As the fourth of July celebrations show us – and this is important for Egypt today – it’s not the day you win your independence that’s important, but what the struggle was all about. The legal separation of the 13 colonies from Britain occurred on July 2, 1776. But it was only two days later that the Second Continental Congress debated and revised the wording of its Declaration of Independence, which explained its decision to break free. So even though the Second of July is America’s real independence day, it is the Fourth that has always been celebrated as such.
In 1776, few thought this would be the case. On July 3, 1776, John Adams, one of those who signed the Declaration, was writing to his wife Abigail that “the second day of July, 1776, will be the most memorable epoch in the history of America.” Though Mr Adams’ capabilities are well known (he served as the newly independent country’s first vice president and went on to become its second presiden), he was less astute a prophet than he might have been. “I am apt to believe that it (the 2nd of July) will be celebrated by succeeding generations as the great anniversary festival.”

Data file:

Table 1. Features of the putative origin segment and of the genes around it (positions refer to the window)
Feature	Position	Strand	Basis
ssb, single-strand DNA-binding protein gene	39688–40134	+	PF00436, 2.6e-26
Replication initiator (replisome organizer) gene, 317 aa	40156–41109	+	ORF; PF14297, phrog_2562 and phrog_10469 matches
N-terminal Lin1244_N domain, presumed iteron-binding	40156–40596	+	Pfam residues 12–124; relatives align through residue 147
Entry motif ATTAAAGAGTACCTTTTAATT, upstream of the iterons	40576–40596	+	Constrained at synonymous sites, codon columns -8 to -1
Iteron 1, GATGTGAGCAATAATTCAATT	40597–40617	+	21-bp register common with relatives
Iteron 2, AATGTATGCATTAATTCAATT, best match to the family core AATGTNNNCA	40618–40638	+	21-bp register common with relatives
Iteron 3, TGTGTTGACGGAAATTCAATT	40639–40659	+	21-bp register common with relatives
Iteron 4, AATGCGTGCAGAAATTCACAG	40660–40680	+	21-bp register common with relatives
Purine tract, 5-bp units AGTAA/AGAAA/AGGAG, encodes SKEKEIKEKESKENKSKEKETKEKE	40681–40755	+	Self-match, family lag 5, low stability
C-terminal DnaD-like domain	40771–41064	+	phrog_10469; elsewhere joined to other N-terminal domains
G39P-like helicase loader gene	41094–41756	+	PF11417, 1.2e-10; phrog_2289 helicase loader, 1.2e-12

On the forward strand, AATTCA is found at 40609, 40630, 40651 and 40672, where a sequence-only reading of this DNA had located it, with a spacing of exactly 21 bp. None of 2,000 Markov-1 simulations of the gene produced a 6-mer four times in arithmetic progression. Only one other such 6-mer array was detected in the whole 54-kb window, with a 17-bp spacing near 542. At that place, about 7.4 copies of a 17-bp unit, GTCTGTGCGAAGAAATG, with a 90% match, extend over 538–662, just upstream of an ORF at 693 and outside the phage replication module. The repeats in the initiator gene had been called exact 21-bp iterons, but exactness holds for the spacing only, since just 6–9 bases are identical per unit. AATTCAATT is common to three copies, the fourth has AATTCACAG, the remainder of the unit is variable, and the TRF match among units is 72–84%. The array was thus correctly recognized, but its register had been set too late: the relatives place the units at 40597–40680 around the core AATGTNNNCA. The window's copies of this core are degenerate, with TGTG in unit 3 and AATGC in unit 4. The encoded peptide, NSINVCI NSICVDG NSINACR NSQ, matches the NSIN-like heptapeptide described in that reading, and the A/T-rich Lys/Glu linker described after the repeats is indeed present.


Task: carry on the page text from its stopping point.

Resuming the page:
He went on to suggest that it “be commemorated as the day of deliverance, by solemn acts of devotion to God Almighty. It ought to be solemnized with pomp and parade, with shows, games, sports, guns, bells, bonfires, and illuminations, from one end of this continent to the other, from this time forward forever more.”
All of these happen, but on the 4th, not the 2nd of July. On the 4th, the world had the whys and wherefores of the 13 colonies fight to be free, all the colonial grievances against King George III, and that stirring assertion of natural and legal rights (“that all men are created equal, that they are endowed by their Creator with certain unalienable Rights, that among these are Life, Liberty and the pursuit of Happiness.”)
To be truly free, one has to know what freedom means – freedom to do what? Achieve what? Oppose what?